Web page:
Op-Ed: The technology to fight climate change that we’re not using nearly enough

This summer, I descended more than 6.7 miles to the bottom of the Pacific Ocean in a two-seat submarine to the world’s deepest undersea chasm, the Challenger Deep in the Mariana Trench.

My goal was to explore a previously unvisited area of the trench and use high-resolution sonar to map that part of our planet in never-before-seen detail. We remarkably have far more detailed maps of the moon, Mars and Venus than we do of our own oceans.

The timing is critical. The ocean has absorbed more than 90% of the extra heat we’ve created since 1955 and 25% of our carbon dioxide emissions. But this capacity has limits, and the warming ocean can only take in so much of our emissions before it becomes more acidic and leaks carbon dioxide more quickly into the atmosphere. Using geographic information system (GIS) technology allows us to map these limits and solve a much larger puzzle: mapping the entirety of the ocean in detail by 2030.

GIS technology is perhaps “the most important weapon we have to fight climate change,” in the words of the White House’s special assistant to the president for climate policy. How could maps have such significant impact?

Every day, satellites capture an image of each square foot of land on Earth. The number of images taken is so large that the flood of data is beyond human comprehension. GIS takes in these images and translates the data into observations humans can understand, allowing us to more closely track large-scale changes to our climate. It pulls in data from spreadsheets, satellites and drone photos and displays it on “smart maps” that show us relationships, patterns and risks we may not have otherwise recognized.

The sonar data we collected in the Mariana Trench will be stitched together to create an elevation model as well as a visualization that resembles an aerial photograph, showing the shape of our deep seafloor. The bottom of the ocean is vital to our climate because heat travels through the undulating waters via paths shaped by the ocean floor’s topography. GIS makes it possible to map ocean terrain so that we can better understand how heat is moving. That, in turn, tells us how the heat will affect the water above and, eventually, the atmosphere and weather. More information on heat cycling through the ocean will help us understand when it fuels hurricanes, which research indicates have been intensified by climate change.

Beyond our waters, GIS can also show us where average temperatures are rising, by how much and what to do about it. It shows, for example, that by 2050 the most viable land for corn production in the U.S. will move from in and around Iowa — where temperatures are expected to rise by 7 degrees — some 350 miles northeast to Wisconsin.

We have this technology now. It’s not a gamble that needs to be built from scratch — scientists have been using it since 1963. But we have just recently begun to translate its potential into a crucial tool: publicly-funded online climate portals. These climate portals are digital collections in a single place, such as a website, that make environmental data and models publicly available.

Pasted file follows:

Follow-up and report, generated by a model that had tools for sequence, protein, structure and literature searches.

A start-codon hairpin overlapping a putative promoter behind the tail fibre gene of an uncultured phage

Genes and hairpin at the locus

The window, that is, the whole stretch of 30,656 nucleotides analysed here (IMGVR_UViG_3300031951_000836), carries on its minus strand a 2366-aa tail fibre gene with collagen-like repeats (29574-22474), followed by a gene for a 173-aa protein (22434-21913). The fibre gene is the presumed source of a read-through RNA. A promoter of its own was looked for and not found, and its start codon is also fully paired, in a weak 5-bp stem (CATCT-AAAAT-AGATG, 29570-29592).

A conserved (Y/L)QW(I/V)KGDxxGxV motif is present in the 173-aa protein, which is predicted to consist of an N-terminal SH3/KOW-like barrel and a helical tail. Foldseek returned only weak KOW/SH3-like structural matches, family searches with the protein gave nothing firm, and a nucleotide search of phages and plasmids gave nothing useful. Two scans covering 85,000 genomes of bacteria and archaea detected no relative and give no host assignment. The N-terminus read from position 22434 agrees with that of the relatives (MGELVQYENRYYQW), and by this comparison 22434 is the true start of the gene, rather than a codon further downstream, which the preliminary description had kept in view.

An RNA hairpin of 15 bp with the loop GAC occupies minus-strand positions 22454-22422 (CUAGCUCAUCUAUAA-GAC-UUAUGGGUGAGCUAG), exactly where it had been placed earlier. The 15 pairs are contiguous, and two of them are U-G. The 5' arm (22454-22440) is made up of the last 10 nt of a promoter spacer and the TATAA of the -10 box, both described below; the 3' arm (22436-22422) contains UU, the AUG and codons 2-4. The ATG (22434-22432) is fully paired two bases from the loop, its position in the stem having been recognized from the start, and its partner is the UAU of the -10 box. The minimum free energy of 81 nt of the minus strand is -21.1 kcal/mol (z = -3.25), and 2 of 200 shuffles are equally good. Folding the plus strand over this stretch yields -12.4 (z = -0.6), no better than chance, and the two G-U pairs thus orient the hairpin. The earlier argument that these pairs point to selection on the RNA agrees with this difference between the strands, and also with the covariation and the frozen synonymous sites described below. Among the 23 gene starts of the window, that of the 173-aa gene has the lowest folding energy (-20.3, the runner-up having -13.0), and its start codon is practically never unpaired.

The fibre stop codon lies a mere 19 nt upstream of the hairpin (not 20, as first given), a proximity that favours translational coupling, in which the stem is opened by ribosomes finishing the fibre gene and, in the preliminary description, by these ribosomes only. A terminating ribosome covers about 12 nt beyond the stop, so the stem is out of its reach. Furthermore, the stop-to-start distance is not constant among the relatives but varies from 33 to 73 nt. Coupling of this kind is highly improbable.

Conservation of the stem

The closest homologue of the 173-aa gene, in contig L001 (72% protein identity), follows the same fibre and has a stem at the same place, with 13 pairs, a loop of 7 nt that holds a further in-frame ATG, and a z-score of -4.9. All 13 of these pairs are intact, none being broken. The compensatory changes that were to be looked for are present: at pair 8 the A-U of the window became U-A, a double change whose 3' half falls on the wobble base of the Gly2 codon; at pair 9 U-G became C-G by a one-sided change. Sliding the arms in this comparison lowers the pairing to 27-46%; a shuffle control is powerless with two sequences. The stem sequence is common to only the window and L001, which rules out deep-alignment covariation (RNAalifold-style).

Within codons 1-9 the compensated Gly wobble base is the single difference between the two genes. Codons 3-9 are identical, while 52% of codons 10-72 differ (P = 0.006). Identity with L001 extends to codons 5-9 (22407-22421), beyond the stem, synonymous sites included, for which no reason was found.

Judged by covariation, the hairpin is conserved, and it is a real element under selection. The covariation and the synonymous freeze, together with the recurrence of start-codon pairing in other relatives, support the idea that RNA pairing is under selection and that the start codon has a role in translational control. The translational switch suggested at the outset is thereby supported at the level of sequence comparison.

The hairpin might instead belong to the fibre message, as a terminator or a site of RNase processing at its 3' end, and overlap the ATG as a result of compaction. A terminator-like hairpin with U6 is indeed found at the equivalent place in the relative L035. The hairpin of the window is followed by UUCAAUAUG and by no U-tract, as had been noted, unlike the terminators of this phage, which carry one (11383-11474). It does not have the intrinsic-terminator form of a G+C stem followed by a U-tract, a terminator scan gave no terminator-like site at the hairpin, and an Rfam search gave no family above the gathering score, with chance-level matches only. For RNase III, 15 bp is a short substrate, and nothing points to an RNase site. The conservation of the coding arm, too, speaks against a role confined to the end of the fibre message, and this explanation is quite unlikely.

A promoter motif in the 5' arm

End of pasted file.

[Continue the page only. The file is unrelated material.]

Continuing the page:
California is already seeing the benefits of this approach with CA Nature, the public data site from the California Natural Resources Agency. It uses GIS to share and analyze data about land that’s already conserved, as well as land that could be conserved and would most help foster desperately needed biodiversity that is threatened by climate change.

California should share maps that include even more thorough data, extending to our oceans and tailored to the context of living in, working in and sustaining the world’s sixth-largest economy. The White House’s recently launched Climate Mapping for Resilience and Adaptation Portal lets users search climate data by address, census tract and county. Detailed state-level portals could complement this federal data to help tribes, regions and communities visualize local climate threats. Such information can connect areas seeking fixes with those that have already put solutions into practice to foster collaborations.

That’s what I’ve hoped to do in my undersea research. With a rare seat alongside explorer Victor Vescovo to dive to Challenger Deep, I helped carry forward the work of many co-collaborators aiming to better understand the entirety of our seas by 2030.

The dive also gave me a close-up view of something else, sitting in sediment at the bottom of the ocean at the Earth’s deepest point: a beer bottle. It had traveled more than 6.7 miles to the darkest depths of the Pacific, label still intact. This discarded trash had managed to reach an unsullied part of our world before we actually did — a symbol of how deeply and irrevocably humans are affecting the natural world.

Using mapping technology, we must get to know all the nooks, crannies, chasms and crevices of this planet, together, to fully understand the challenges in our changing world — and clearly see solutions.

Dawn Wright is the chief scientist at the digital mapping technology company Esri, a professor of geography and oceanography at Oregon State University and a member of the National Academy of Sciences. She is one of few individuals — and the first Black person — to visit Challenger Deep. Her latest book is “GIS for Science: Maps for Saving the Planet.”

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